DeBaun MR, Niemitz EL, McNeil DE, et al. (2002) Epigenetic alterations of H19 and LIT1 distinguish patients with Beckwith–Wiedemann syndrome with cancer and birth defects. American Journal of Human Genetics 70: 604–611.

DeBaun MR, Siegel MJ, Choyke PL, et al. (1998) Nephromegaly in infancy and early childhood: a risk factor for Wilms tumor in Beckwith–Wiedmann syndrome. Journal of Pediatrics 132: 401–404.

Green DM, Breslow NE, Beckwith JB, et al. (1998) Effect of duration of treatment on treatment outcome and cost of treatment for Wilms tumour: a report from the National Wilms Tumour Study Group. Journal of Clinical Oncology 16: 3744–3751.

Grundy P, Telzerow P, Moksness J and Breslow NE (1996) Clinicopathologic correlates of loss of heterozygosity in Wilms tumor: a preliminary analysis. Medical and Pediatric Oncology. 27: 429–433.

Hastie ND (1994) The genetics of Wilms' tumor: a case of disrupted development. Annual Review of Genetics 28: 523–558.

Hawkins MM, Winter DL, Burton HS, et al. (1995) Heritability of Wilms' tumour. Journal of the National Cancer Institute 87: 1323–1324.

Pelletier J, Bruening W, Kashtac CE, et al. (1991) Germline mutations in the Wilms' tumor suppressor gene are associated with abnormal urogential development in Denys–Drash syndrome. Cell 67: 437–447.

Rahman N, Arbour L, Tonin P, et al. (1996) Evidence for a familial Wilms' tumour gene (FWT1) on chromosome 17q12–q211. Nature Genetics 13: 461–463.

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Tournade MF, Com‐Nougue C, Voute PA, et al. (1993) Results of the sixth International Society of Paediatric Oncology Wilms Tumour Trial and Study: a risk‐adapted therapeutic approach in Wilms tumour. Journal of Clinical Oncology 11: 1014–1023.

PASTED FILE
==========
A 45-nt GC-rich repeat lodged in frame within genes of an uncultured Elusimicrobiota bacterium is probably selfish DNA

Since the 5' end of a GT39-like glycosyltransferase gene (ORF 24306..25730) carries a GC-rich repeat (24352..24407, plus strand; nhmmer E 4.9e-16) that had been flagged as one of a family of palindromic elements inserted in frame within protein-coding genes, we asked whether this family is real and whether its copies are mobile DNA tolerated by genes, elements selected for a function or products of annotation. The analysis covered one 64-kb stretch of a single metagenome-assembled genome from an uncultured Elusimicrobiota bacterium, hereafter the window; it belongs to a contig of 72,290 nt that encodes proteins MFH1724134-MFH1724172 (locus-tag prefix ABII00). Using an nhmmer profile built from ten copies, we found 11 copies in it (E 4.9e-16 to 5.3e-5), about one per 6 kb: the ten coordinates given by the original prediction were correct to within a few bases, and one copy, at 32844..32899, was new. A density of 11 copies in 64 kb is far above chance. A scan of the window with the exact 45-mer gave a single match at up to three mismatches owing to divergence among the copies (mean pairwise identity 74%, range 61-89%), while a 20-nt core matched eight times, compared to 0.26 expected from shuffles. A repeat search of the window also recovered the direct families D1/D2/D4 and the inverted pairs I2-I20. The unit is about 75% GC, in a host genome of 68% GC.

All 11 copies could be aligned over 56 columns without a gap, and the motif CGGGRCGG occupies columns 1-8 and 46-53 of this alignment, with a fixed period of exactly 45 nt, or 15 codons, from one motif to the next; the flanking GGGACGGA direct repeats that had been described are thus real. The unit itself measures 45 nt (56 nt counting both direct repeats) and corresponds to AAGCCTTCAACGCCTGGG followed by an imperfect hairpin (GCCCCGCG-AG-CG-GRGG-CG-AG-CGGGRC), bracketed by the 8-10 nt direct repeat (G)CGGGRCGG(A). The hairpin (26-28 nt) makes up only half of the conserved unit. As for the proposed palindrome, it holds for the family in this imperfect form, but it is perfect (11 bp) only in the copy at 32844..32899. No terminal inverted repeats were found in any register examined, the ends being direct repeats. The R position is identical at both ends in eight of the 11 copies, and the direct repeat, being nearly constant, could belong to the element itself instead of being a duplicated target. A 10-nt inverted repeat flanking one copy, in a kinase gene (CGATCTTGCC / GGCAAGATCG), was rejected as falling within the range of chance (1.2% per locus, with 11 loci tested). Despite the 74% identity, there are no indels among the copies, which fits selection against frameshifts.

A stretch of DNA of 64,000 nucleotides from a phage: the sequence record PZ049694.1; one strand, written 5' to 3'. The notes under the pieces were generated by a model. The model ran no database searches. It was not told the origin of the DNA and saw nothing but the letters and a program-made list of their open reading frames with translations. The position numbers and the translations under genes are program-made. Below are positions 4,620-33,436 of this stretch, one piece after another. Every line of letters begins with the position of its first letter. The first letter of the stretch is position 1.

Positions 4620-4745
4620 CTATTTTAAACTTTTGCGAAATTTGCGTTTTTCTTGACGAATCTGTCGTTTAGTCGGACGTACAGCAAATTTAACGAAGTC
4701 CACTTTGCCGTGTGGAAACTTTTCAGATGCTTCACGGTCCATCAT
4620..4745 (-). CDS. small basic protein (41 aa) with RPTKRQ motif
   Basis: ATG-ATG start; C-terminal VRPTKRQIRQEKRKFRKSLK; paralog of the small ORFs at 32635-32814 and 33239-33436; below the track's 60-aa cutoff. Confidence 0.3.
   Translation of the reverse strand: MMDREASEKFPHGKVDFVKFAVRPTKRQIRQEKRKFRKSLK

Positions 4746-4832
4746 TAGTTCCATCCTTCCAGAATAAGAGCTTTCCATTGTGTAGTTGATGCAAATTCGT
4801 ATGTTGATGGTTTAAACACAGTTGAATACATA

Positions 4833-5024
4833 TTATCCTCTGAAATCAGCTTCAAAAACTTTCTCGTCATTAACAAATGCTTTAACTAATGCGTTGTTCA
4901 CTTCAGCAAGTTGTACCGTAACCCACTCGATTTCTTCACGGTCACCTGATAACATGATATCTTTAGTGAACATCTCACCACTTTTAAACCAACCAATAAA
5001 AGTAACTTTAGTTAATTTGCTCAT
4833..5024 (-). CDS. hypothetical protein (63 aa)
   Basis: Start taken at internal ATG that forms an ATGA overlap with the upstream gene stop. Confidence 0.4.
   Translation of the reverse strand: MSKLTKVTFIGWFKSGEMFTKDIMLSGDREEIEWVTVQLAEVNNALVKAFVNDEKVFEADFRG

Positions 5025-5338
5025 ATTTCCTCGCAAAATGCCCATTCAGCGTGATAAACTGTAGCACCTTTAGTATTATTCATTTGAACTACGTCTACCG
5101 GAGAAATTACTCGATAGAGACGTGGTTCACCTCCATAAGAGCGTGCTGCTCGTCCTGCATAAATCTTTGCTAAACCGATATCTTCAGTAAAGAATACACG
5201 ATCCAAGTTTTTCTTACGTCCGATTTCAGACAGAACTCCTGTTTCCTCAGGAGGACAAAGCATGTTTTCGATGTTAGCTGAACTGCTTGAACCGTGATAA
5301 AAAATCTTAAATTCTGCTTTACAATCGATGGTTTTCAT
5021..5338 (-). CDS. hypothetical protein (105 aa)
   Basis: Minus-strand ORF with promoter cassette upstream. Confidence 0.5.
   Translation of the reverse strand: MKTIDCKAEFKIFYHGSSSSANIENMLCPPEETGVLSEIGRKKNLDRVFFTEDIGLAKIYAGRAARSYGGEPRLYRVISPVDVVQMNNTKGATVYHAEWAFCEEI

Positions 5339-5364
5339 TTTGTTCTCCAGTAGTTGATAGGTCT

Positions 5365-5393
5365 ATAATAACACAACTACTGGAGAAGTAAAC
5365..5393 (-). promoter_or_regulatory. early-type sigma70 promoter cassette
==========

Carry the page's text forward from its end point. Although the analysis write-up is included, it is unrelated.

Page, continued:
Further Reading

Choyke PL, Siegel MJ, Craft AW, et al. (1999) Screening for Wilms tumor in children with Beckwith–Wiedemann syndrome or idiopathic hemihypertrophy. Medical and Pediatric Oncology 32: 196–200.

Hammes A, Guo JK, Lutsch G, et al. (2001) Two splice variants of the Wilms' tumor 1 gene have distinct functions during sex determination and nephron formation. Cell 106: 319–329.

Koziell A, Charmandari E, Hindmarsh PC, et al. (2000) Frasier syndrome, part of the Denys Drash continuum or simply a WT1 gene associated disorder of intersex and nephropathy? Clinical Endocrinology 52: 519–524.

Kreidberg JA, Sariola H, Loring JM, et al. (1993) WT‐1 is required for early kidney development. Cell 74: 679–691.

Little M, Holmes G and Walsh P (1999). WT1: what has the last decade told us? BioEssays 21: 191–202.

Pritchard‐Jones K (1997) Molecular genetic pathways to Wilms tumour. Critical Reviews in Oncogenesis 8: 1–27.

Schumacher V, Schneider S, Figge A, et al. (1997) Correlation of germ‐line mutations and two‐hit inactivation WT1 gene with Wilms tumors of stromal‐predominant histology. Proceedings of the National Academy of Sciences of the United States of America 94: 3972–3977.

Veugelers M, De Cat B, Muyldermans SY, et al. (2000) Mutational analysis of the GPC3/GPC4 glypican gene cluster on Xq26 in patients with Simpson–Golabi–Behmel syndrome: identification of loss‐of‐function mutations in the GPC3 gene. Human Molecular Genetics 9: 1321–1328.

Web Links

Database of WT1 mutations. http://archive.uwcm.ac.uk/uwcm/mg/hgmd0.html

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Pritchard‐Jones, Kathy(Jan 2006) Wilms Tumor. In: eLS. John Wiley & Sons Ltd, Chichester. http://www.els.net [doi: 10.1038/npg.els.0006052]